Fedweek Legal

The MSPB recently held that a former Department of the Interior employee was entitled to a discontinued service retirement (DSR) annuity after he was removed and subsequently appointed to a term position per a settlement agreement meant to provide him adequate time to meet age and service requirements to qualify for the DSR annuity.(2014 MSPB 19, March 21, 2014).

DSR provides an immediate, possibly reduced, annuity for employees who are separated involuntarily for reasons other than misconduct or delinquency.5 U.S.C. § 8414(b)(v) dictates that such employees must meet age and service requirements to qualify: employees must be either 50 years of age with 20 years of service or any age with 25 years of service.The appellant was approximately 46 years old and had 18 years of federal service when he was removed on performance grounds, thus making him ineligible for a DSR annuity for failure to meet the age and service requirements.

After filing an initial appeal of his removal, the appellant entered into a settlement agreement with the agency that allowed him to continue working for a term of four years, at the expiration of which, the agency extended the appointment for an additional year. The agency separated the appellant from service in 2010, citing the expiration of his term appointment, and the appellant applied for an immediate DSR annuity with OPM.At the time of his application, the appellant had over 23 years of federal service and was 51 years old.

OPM issued an initial decision denying the appellant’s application for a DSR annuity and issued a final reconsideration decision again finding that the appellant was ineligible for such an annuity.OPM determined that it would not credit the five years the appellant had served in the term position toward his DSR annuity eligibility, arguing that the settlement agreement “was an artifice designed to evade the statutory [DSR] requirements” which gave the appellant a right to receive retirement benefits where one did not otherwise exist.OPM later argued on appeal that the appellant was not involuntarily separated from employment in 2010 because he voluntarily accepted a term position which he knew was limited in duration pursuant to the terms of the parties’ settlement agreement, further justifying his lack of eligibility.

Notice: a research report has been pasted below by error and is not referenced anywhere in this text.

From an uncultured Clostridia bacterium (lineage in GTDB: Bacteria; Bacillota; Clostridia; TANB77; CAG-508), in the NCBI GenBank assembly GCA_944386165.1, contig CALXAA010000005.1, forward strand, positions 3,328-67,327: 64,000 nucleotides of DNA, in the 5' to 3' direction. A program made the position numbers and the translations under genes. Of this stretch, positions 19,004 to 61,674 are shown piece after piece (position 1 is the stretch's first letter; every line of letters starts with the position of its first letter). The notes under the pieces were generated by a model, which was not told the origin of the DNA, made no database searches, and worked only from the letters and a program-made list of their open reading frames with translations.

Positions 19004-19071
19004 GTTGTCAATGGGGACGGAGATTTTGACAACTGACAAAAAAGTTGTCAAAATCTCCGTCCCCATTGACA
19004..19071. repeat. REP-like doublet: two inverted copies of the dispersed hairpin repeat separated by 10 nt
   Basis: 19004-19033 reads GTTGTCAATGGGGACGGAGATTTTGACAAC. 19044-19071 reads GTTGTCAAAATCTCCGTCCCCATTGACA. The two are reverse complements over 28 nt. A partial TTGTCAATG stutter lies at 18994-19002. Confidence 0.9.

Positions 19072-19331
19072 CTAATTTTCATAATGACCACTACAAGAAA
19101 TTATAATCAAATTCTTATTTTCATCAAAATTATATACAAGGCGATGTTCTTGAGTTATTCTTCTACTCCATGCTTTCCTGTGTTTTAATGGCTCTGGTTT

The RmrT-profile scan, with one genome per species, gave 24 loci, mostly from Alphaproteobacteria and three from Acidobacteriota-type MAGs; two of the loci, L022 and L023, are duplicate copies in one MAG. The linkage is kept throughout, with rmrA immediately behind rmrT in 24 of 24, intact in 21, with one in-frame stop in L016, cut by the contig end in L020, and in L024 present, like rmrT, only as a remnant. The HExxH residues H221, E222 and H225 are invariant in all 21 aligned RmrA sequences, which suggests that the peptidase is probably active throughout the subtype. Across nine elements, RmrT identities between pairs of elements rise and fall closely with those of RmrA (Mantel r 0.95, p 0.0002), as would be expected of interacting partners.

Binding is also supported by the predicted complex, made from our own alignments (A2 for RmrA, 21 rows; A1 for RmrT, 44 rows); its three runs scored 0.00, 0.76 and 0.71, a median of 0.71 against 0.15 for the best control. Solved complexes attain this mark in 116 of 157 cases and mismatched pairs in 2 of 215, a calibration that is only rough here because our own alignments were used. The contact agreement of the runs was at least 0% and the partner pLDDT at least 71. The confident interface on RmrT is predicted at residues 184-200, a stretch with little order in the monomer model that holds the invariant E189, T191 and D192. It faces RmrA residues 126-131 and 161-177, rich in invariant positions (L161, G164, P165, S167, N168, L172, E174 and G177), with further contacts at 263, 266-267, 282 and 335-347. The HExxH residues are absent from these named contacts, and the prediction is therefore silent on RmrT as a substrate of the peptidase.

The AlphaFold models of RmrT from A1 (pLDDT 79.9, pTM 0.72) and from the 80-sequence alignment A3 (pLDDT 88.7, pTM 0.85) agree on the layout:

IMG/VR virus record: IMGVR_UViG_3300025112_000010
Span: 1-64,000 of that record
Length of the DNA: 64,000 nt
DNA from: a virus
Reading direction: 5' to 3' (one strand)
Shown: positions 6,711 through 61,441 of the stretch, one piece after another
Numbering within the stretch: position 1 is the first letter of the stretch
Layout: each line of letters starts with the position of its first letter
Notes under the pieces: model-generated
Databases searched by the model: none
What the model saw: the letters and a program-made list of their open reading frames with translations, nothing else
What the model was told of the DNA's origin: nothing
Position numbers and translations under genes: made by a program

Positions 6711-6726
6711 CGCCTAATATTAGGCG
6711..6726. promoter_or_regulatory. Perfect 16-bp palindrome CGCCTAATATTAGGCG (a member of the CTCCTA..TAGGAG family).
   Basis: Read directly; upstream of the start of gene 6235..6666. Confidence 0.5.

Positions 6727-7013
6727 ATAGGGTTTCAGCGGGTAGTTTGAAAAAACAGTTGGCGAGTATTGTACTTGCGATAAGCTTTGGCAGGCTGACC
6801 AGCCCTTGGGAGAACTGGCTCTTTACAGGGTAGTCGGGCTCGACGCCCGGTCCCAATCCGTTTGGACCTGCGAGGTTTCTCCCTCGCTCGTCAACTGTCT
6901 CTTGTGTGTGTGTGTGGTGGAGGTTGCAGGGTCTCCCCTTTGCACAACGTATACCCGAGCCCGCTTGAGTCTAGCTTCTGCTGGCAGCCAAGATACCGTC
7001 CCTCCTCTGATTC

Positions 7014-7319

The Board rejected OPM’s arguments, finding that since the appellant was assigned to a position of employment in the federal service and actually served in that position, OPM could not “deny [the appellant] an annuity based on its subjective determination that [the appellant’s] federal service fails to qualify him for an annuity when he otherwise objectively satisfies the statutory annuity formula” (internal quotations omitted).The Board also held that the appellant’s separation from employment was involuntary since the expiration of a term appointment is included in OPM’s enumeration of involuntary separations.In addition, the agency extended the appellant’s term position for a year, indicating that the decision to separate the appellant from employment rested with the agency, not the appellant.

This case shows a creative, legal settlement option for employees removed for reasons other than misconduct or delinquency who fall short of age and/or service requirements for a DSR annuity.

* This information is provided by the attorneys at Passman& Kaplan, P.C., a law firm dedicated to the representation of federal employees worldwide. For more information on Passman& Kaplan, P.C., go to http://www.passmanandkaplan.com.

The attorneys at Passman& Kaplan, P.C, are the authors of The Federal Employees Legal Survival Guide, Second Edition, a comprehensive overview of federal employees’ legal rights. To order your copy, go to http://www.passmanandkaplan.com. This book originally sold for $49.95 plus s&h, but is now available for $29.95 plus s&h.